I Fear “Post-Racial America” Was Wishful Thinking

When America’s first black president was sworn in, the rafters rang with celebration of the new “post-racial America.” Here at last was an enlightened society in which the white majority was willing to accept a member of an ethnic minority not just as one of their own but as their head of state. It was the dawning of the Age if Aquarius indeed!

Sadly, this vision did not last.

If America was post-racial in 2008, it is certainly not post-racial now.

It’s a complex change and I cannot possibly analyze it in a blog.  I suggest that you read Joan Walsh’s column in Salon.com today; it answers many of the questions that have been baffling me recently. I’ll provide a link at the end of the blog.

The bottom line is that America seems more raciallydivided than I have ever known it to be. I hear Rush Limbaugh’s voice – the volume turned up as high as it can get – coming from the churchyard next door where court-assigned lawbreakers perform their hours of “community service” cultivating vegetables or doing construction work, and where homeless men pitch their tents among the oak trees. You would think these sufferers would be President Obama’s consituency;  I see them as the people he fights hardest for.

But they shake their heads and mutter “Obama” in disgust when they discuss any of America’s myriad problems. They’re poor but they’re white. They’re not on his side.

The middle-class father of a neighbor hobbles over, supported by  his cane, to watch the pastor’s son digging a massive detention pond as ordeed by the state’s water management authority. We’re told the project is necessary because the church paved its parking lot, even though – as their nearest neighbor – I see no possibility of flooding without it. The noisy, messy and endless project has caused a great deal of grumbling along our short, dead-end street, and everyone agrees the government is a nuisance and a burden.

Somehow, that, too, is Obama’s fault.

As he watches the tractor gnaw at the stubborn soil, my neighbor’s dad remarks that too many black faces are showing up on TV.  It’s because of that black president of course.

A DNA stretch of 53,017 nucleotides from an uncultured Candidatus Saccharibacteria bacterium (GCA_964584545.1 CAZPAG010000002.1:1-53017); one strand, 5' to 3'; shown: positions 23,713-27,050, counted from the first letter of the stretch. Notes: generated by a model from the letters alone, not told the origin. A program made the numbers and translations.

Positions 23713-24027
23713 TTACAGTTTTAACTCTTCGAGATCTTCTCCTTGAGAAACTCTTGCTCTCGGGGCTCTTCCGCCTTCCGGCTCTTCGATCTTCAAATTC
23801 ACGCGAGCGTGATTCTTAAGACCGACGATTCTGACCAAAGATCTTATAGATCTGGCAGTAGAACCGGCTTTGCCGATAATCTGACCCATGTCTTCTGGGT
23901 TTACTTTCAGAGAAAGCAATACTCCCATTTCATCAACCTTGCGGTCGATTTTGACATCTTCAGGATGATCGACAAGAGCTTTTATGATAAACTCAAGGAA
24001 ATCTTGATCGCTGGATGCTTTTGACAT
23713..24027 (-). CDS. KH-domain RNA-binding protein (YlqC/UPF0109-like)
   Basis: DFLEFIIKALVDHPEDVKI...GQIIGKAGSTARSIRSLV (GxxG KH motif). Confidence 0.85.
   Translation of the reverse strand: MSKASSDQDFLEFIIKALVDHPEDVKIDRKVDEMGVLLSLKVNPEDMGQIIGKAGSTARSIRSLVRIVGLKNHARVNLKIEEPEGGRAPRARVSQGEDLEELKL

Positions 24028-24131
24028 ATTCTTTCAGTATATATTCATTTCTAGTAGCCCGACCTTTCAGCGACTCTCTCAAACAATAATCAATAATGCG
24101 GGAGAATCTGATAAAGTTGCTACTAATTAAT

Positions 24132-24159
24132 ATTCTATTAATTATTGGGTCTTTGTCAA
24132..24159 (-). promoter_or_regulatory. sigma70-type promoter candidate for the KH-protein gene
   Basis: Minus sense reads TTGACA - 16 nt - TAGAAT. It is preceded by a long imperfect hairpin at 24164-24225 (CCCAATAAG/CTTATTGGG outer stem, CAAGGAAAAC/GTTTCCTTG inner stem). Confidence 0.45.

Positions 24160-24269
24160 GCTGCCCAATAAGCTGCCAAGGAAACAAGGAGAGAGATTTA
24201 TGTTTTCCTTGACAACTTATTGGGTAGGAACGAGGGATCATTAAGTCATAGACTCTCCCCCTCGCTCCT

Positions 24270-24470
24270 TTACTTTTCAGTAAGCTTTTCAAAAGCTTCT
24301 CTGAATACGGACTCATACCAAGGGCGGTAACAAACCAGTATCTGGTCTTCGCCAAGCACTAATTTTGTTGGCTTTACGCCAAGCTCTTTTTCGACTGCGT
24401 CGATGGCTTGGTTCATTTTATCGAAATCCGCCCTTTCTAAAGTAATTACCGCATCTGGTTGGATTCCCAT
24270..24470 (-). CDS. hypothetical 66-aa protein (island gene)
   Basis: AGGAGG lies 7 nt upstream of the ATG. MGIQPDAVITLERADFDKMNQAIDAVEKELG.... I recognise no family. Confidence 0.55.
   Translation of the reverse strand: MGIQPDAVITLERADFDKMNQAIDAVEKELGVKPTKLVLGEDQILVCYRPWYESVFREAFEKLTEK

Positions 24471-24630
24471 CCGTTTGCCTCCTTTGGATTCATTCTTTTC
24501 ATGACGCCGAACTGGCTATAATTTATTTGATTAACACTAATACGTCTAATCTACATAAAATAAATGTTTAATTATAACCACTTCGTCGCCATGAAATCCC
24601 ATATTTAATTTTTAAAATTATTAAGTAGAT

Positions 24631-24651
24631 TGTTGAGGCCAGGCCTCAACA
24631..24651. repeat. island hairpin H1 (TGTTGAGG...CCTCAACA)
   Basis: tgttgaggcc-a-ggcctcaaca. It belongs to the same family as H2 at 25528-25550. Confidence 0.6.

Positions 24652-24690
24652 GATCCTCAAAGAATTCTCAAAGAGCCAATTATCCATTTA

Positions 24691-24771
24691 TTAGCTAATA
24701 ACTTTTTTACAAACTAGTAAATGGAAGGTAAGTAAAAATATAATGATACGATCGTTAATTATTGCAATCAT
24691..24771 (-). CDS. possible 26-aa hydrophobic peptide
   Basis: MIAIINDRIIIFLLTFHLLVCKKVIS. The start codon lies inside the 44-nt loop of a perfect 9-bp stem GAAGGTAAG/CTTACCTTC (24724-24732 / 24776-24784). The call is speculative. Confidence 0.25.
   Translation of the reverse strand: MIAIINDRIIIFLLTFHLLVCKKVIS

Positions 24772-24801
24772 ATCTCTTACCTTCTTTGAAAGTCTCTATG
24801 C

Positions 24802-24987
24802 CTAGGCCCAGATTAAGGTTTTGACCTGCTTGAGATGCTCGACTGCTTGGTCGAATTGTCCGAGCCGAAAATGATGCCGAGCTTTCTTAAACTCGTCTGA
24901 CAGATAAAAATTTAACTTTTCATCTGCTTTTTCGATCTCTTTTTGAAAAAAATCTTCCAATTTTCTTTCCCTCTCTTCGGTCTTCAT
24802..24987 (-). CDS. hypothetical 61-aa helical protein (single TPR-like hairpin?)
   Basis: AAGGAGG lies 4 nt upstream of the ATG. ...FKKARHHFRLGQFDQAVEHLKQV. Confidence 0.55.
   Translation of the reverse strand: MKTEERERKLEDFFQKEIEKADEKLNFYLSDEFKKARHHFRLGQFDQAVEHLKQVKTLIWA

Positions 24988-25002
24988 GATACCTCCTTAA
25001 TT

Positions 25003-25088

Things have not gone well since President Obama was sworn in. And as my grandmother used to say, love flies out the window when poverty stalks in through the door.

Clearly it is not his fault. Clearly he inherited an economic disaster and has done an admirable job of rescuing the country from utter ruin.

But when a black guy’s in charge, you can be sure he is going to take the blame, however unfair that might be.

I don’t care what the pundits say, or how the politicians disguise their message, much of the criticism directed at the president in this election year is racially motivated.

It didn’t take long for the “post-racial” veneer to peel away once hard times started rubbing the white American majority the wrong way. Old prejudices have surfaced and old animosities have emerged. Beset by complicated problems and troubling demographic change, a  lot of simple minded people reached for whatever comfort they could find, without regard for logic or fairness.

Whatever else may be at stake in November, this challenge will test today’s America. Will enlightenment prevail? Or will the world’s leading democracy slip back into the racist swamp of the pre-civil rights era?

Click here to read Joan Walsh’s enlightening column.